It makes for a very fast game with more challenge than I expected. The random baddies you find on patrol are perfectly capable of stomping Spidey into the ground. While nothing close to unforgiving, the game does demand the player get a handle on the combat and understand it. Even when you have your trusty standby style and gadgets, optional challenges encourage you to try the many options in ground and aerial combat. You’ll need to in order to acquire the combat tokens used to upgrade the suits and gadgets you like.
Thankfully, this challenge has nothing to do with poor controls. Spider-Man plays like a dream. The controls are smooth, responsive, intuitive, and quickly become second-nature. This allows the player to effortlessly transition between all the tactics needed for late-game encounters. It’s no problem at all to unleash a combo, dodge someone, counter, duck through a shielded opponent’s legs, web up to an aerial enemy, and unleash a special suit move restraining them all with your web.
In fact, the random baddies can be so surprisingly tough that the boss fights feel almost disappointing. Don’t get me wrong; they play well and usually have properly sizable scope. After hours of beating on upwards of like 50 thugs at a time, though, focusing on only one or two supervillains feels almost tame. Especially when few of them try anything particularly innovative in the combat system.
(The highlights are definitely the 2 fights involving Spidey going solo against 2 supervillains. One keeps the Spidey in the air at all times, while the other involves extensive use of the environment.)
But what about the method of traveling between all these fights? How exactly did Spider-Man manage the always important web-swinging mechanic? We all remember Spider-Man 2 and want something matching it, I know. And I won’t say the physics behind Insomniac’s Spider-Man matches its PS2 predecessor.
You know what? I don’t care. Rather than go for something “realistic,” Insomniac went for fun. Give me this any day.
The most important part of the web-swinging, in my humble opinion, is to make you feel like Spider-Man as he zips around New York City. This game manages that and then some. Besides the obvious swinging from building to building, Spidey can zip to ledges and points, vault off them, dive-bomb to pick up speed, and shoot quick webs to propel him forward and maintain speed around corners. He can run up and along buildings with ease. Transitioning from one move to another really lets players keep the speed up with ease.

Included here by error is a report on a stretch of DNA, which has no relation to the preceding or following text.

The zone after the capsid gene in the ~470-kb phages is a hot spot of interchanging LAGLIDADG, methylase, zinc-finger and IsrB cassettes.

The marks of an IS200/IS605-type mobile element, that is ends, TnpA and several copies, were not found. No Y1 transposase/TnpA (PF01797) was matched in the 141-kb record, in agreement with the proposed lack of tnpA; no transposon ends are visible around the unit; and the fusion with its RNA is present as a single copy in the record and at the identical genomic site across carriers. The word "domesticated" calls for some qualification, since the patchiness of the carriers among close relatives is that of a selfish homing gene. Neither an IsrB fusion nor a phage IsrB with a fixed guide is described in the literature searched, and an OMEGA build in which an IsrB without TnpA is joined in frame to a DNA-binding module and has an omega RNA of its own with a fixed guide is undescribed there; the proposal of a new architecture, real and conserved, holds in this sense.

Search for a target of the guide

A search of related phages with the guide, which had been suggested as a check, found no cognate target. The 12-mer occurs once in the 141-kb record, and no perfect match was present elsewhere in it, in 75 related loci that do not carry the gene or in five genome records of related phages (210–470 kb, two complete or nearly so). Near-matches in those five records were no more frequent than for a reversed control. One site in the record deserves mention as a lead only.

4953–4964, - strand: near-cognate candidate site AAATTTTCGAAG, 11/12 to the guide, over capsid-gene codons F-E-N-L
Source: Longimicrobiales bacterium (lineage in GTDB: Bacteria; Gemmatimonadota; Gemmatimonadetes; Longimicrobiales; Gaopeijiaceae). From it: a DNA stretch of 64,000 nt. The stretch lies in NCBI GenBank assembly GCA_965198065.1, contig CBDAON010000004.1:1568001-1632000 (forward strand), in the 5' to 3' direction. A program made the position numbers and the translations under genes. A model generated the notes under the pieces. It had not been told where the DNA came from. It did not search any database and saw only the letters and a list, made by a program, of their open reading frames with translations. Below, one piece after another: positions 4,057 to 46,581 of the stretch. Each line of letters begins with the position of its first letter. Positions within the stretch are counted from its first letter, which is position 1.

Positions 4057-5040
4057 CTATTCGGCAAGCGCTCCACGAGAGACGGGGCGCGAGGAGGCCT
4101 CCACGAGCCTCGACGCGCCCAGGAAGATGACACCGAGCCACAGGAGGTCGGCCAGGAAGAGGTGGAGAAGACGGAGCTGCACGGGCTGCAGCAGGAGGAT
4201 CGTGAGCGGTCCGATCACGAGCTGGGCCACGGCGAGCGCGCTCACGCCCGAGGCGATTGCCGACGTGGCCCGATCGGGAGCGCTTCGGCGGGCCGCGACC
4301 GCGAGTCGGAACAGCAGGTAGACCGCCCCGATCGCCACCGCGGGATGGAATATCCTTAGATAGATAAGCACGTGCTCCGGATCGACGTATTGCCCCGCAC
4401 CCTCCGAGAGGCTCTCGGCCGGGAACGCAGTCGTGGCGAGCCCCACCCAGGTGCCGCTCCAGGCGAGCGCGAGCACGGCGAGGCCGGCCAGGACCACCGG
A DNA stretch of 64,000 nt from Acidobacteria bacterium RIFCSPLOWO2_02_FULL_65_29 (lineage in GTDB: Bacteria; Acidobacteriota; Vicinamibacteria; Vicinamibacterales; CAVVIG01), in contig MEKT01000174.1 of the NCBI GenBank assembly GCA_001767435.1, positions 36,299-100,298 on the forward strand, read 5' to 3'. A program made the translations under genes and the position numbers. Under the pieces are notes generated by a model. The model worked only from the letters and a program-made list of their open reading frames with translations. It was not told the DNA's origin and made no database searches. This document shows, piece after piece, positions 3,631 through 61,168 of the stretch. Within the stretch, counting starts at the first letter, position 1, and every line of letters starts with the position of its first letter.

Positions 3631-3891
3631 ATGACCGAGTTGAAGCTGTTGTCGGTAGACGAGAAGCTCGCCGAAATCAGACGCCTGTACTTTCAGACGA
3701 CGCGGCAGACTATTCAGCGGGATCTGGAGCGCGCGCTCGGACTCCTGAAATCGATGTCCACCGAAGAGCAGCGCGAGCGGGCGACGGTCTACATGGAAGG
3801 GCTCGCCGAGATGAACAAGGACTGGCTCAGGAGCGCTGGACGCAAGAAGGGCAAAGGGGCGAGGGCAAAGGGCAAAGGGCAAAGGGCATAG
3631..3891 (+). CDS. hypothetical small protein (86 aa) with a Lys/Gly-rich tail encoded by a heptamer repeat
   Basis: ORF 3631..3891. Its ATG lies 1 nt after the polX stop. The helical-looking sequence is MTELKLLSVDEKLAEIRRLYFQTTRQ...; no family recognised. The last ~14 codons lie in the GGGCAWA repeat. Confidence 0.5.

Insomniac definitely went for accessibility over depth. The right-trigger button puts the player in something of an automatic parkour mode, and you can basically hold it down as you go and pull off what looks like complicated web-swinging and city traversal. However, this won’t make the most of the web-swinging. There’s a learning curve before you find the groove making the most of the speed and flow the web-swinging is capable of.
While the physics may not match what Spider-Man 2 did, don’t listen to anyone who says physics play no role. You can’t swing if there’s nothing your webs can attach to. Where your webs do attach determines the speed and momentum of your swing. Combined with the zip-lines and quick webs and wall running skills, you’ll need to make the most of all these mechanics and physics to become a truly gifted web-swinger. Especially if you want to complete the various challenges and missions.
Within the story missions, Insomniac blends these gameplay elements with well-placed quick time event button presses to create impressive spectacles. Spidey swings from helicopters and stops falling cranes and smashes through glass ceilings while beating on villains. The scale of these events makes for highly memorable moments after the various side content available between them.
Spider-Man’s open world certainly tries nothing new. You stop random crimes, pick up collectibles, activate towers that fill in the map, and take photos of various landmarks. Nothing about it breaks the mold formed by dozens of open-world games before. Where Spider-Man tends to avoid monotony, though, comes from the speed of these tasks. In the time it takes to scale to a viewpoint in Assassin’s Creed, Spider-Man lets you stop a crime, collect a backpack, activate a tower, and be on your way to the next objective. None of these typically mundane tasks feel mundane because of how quickly you complete them. None of these tasks feel lazy or boring when it’s so easy to check multiple items off the list in like 3 minutes. Thus, Spider-Man’s web-swinging adds a fresh new dynamic to the familiar open-world formula.
Like with the combat, it is this speed that defines the game. If you have an aversion to this kind of open-world repetitiveness, I can’t promise this game will overcome it. If one can, though, this may be it. Besides the brisk nature of these tasks, the game also does a good job pacing them. Right when you might be sick of picking up collectibles, enemy strongholds are revealed. You get sick of that and the challenge missions show up. You get sick of random thugs and the research stations unlock.